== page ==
Political

Lib Dem tip #27: Taking a good action photo, or why ducks are better than pointing

Welcome to my series of tips and advice for Liberal Democrat members, which appeared first in the email bulletin run by London Region for party members.

Whether it’s for sending out with a tweet or putting in a leaflet, taking a photo on your smartphone of a team of Liberal Democrats out campaigning is now a common part of campaigning.

Here is one very easy way to make those photos look much better, both of which hinge on the same point – we want people to think that that the Lib Dems are a nice, successful bunch of people, not a couple of lost, isolated people wandering around aimlessly.

How not to do an action photo: the Nick Clegg edition

Big policy launch involving highly photogenic subject. And this is the 'action photo' punted out on social media. more

The solution? Get in close for the photo. However close you think you are, you can always take another step closer. You really want the group of people to fill up the photo, not acres of empty space around them. Even if it really has to be just the one person, getting in close nearly always works far better.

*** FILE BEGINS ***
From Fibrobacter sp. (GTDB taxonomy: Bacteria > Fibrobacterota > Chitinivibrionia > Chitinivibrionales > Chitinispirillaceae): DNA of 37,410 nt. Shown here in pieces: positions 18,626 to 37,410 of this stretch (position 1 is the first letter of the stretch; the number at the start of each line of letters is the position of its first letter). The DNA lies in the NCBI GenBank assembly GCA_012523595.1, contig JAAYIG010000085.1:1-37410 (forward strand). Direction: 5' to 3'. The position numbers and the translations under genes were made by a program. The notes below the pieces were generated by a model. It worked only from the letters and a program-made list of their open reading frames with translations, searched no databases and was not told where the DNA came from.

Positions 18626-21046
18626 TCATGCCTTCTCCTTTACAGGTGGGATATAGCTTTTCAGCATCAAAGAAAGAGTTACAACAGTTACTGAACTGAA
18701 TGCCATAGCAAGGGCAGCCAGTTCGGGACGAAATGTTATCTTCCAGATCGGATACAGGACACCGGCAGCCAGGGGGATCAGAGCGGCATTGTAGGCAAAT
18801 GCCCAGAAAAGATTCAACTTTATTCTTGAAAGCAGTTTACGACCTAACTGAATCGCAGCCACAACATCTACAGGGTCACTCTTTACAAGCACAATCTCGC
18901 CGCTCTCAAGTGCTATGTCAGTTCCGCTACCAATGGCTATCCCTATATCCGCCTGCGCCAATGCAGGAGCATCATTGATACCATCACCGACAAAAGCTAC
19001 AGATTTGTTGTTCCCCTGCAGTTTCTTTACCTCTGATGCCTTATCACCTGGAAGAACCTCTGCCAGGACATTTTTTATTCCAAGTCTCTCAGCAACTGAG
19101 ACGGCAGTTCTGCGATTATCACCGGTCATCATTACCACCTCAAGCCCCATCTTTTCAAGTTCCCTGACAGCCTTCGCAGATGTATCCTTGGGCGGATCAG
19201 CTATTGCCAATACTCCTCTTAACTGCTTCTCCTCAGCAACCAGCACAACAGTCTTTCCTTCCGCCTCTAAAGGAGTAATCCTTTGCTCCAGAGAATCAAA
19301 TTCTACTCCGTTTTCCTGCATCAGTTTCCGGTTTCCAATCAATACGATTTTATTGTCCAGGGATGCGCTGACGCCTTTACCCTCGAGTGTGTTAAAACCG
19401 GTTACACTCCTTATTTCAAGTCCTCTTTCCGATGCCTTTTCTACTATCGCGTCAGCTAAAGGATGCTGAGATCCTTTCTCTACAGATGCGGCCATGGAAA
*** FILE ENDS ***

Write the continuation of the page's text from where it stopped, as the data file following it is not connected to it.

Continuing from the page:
It’s only the very rare occasions where you need to emphasise how large something is that the wider view is preferable.

Once you’ve remembered to get in close, it’s also worth bearing in mind:

  • What’s in the background? When you’ve got in nice and close, you shouldn’t see much of the background, but it can still make a difference. Try to ensure it looks like a slice of the area where you’ve been active. E.g. if you’ve been out canvassing it is good to see some homes in the background rather than bits of an empty car park.
  • Think about the possibility of using some sensible (and non-tacky!) props. A battered, lopsided piece of A4 with small writing in Comic Sansย is really not what you want… and I exaggerate the point to highlight that quite often the props used are not quite as good as they should be. Given them a bit of care and attention. And if it’s a pothole, go grab some ducks. (Toy ducks, that is.)
  • Does the range of people in the photo reflect the diversity of the party and of the electorate? If the photo is just full of people who look like me, it sends a poor – and misleading – message about who is welcome in the party.
  • When you share the photo on social media tag in the photo/post the people in it, especially if they are (would be) candidates or elected people, as that helps build up their own online audiences.

For more on how to take good action photos, see 101 Ways To Win An Election – and don’t forget, ducks are better than pointing.

You can read the full set of tips for Liberal Democrats here.

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